Six High Tech Seniors Present Research on Global Food Security

Six High Tech Seniors Present Research on Global Food Security

(Secaucus, NJ–March 17, 2021) Camille Garcia, Emily Guevara, Alma Madlener, Reilley Peck, Rimsha Reem, and Roxolana Hreb—all seniors in the Environmental Science and Sustainability academy at HTHS—attended the 2022 World Food Prize event on March 11, where they presented their research papers on global food security issues, announced Ms. Kathy Young, Principal of High Tech High School.

The event, which was hosted virtually by the New Jersey Youth Institute at Rutgers’ School of Environmental and Biological Sciences, is a way for high school students to learn about critical global issues, engage in hands-on-activities, and explore exciting ways to become effective change agents in their own communities. To prepare for the event, students selected a country and topic (ranging from water scarcity to policy and governance) to research in order to trace the diverse impacts on food security. Students then developed solutions to achieve food security in light of these global food insecurity issues. Their findings were presented at roundtable discussions consisting of peers, professionals and scholars from the New Jersey Youth Institute World Food Prize conference.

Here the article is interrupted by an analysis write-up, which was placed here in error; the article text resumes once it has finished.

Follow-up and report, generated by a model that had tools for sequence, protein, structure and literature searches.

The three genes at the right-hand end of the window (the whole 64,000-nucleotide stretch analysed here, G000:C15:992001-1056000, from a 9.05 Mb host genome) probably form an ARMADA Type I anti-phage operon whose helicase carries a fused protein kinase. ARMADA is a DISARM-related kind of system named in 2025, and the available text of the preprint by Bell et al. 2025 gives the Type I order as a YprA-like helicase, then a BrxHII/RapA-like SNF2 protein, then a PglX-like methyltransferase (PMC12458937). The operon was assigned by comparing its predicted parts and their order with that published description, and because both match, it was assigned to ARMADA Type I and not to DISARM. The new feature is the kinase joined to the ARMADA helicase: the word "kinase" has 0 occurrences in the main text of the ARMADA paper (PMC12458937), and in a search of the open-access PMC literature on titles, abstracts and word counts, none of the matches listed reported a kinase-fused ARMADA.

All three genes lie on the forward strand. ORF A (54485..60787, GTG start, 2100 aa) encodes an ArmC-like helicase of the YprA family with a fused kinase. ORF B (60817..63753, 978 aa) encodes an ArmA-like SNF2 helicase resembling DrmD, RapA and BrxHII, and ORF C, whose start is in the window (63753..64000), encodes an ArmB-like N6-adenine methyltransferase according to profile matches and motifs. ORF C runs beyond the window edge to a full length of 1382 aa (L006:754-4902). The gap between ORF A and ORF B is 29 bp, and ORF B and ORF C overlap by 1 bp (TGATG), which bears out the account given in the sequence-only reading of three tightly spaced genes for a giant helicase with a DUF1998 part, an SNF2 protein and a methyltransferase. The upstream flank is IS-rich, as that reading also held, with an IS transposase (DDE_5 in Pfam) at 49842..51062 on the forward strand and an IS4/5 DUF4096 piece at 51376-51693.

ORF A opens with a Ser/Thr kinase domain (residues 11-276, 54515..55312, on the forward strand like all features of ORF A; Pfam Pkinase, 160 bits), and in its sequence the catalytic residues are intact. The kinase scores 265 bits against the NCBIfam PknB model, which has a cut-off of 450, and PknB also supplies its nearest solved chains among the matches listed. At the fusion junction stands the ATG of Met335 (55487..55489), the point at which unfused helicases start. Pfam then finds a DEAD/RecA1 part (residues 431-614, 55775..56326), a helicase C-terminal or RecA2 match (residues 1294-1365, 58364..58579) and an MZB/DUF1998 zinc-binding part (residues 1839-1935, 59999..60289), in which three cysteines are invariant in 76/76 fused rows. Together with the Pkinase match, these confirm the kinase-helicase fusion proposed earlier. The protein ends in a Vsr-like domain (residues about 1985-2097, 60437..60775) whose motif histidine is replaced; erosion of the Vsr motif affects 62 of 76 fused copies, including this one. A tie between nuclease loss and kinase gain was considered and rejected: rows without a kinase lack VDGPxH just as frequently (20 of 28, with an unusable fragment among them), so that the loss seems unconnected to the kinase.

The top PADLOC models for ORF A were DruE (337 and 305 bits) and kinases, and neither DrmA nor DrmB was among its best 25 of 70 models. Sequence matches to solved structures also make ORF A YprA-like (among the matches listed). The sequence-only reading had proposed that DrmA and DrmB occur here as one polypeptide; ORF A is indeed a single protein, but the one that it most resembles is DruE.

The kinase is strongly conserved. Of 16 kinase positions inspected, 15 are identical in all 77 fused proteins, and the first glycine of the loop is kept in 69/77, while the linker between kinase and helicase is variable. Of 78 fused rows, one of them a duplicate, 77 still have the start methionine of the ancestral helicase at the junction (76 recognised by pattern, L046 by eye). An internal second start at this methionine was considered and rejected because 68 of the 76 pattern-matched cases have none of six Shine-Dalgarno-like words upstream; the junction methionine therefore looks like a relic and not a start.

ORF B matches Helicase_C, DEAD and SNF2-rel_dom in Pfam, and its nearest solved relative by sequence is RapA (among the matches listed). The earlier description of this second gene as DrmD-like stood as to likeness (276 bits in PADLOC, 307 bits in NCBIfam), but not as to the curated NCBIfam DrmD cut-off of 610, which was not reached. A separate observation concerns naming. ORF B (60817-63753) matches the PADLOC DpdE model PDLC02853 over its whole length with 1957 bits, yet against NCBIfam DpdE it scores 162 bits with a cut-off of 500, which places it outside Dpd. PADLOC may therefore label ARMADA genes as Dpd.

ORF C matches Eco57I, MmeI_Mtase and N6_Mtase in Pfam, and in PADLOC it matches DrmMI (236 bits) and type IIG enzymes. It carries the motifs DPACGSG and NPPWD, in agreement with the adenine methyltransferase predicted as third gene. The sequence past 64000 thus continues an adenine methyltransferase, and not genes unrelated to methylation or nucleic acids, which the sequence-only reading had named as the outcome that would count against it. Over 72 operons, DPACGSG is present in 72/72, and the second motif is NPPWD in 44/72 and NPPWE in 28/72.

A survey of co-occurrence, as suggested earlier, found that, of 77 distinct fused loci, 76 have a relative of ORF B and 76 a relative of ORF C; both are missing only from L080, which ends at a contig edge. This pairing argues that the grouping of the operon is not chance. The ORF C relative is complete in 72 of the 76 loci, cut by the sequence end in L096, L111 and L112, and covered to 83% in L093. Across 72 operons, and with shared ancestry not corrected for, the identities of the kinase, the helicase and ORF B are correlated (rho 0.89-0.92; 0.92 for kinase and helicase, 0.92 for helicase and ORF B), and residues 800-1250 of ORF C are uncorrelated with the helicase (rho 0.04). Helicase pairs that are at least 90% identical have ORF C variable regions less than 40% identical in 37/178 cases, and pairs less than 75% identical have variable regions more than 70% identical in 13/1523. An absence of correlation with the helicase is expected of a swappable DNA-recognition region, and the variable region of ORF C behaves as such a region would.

After their roundtable presentations, each student received a certificate which declared them Borlaug Scholars, an honor that commemorates Norman Borlaug, an American agronomist whose indefatigable work in many areas around the world helped to create sustainable agriculture that led to sustainable food supplies. Among the group of scholars, some will be invited to the Global Youth Institute in Des Moines, IA, where they will study a pressing global food issue with peers, and then present this work to global leaders in the field. Selections for this distinction will be made in the summer of 2022.

Dr. Shelly Witham, Environmental Science instructor at HTHS, organized the event and highlighted the value of this work by her students, saying: “Food insecurity is a global problem and we need intelligent, driven students to interact with global leaders working to end hunger and poverty to improve food security around the world. I’m immensely proud of each student's research on global solutions.”

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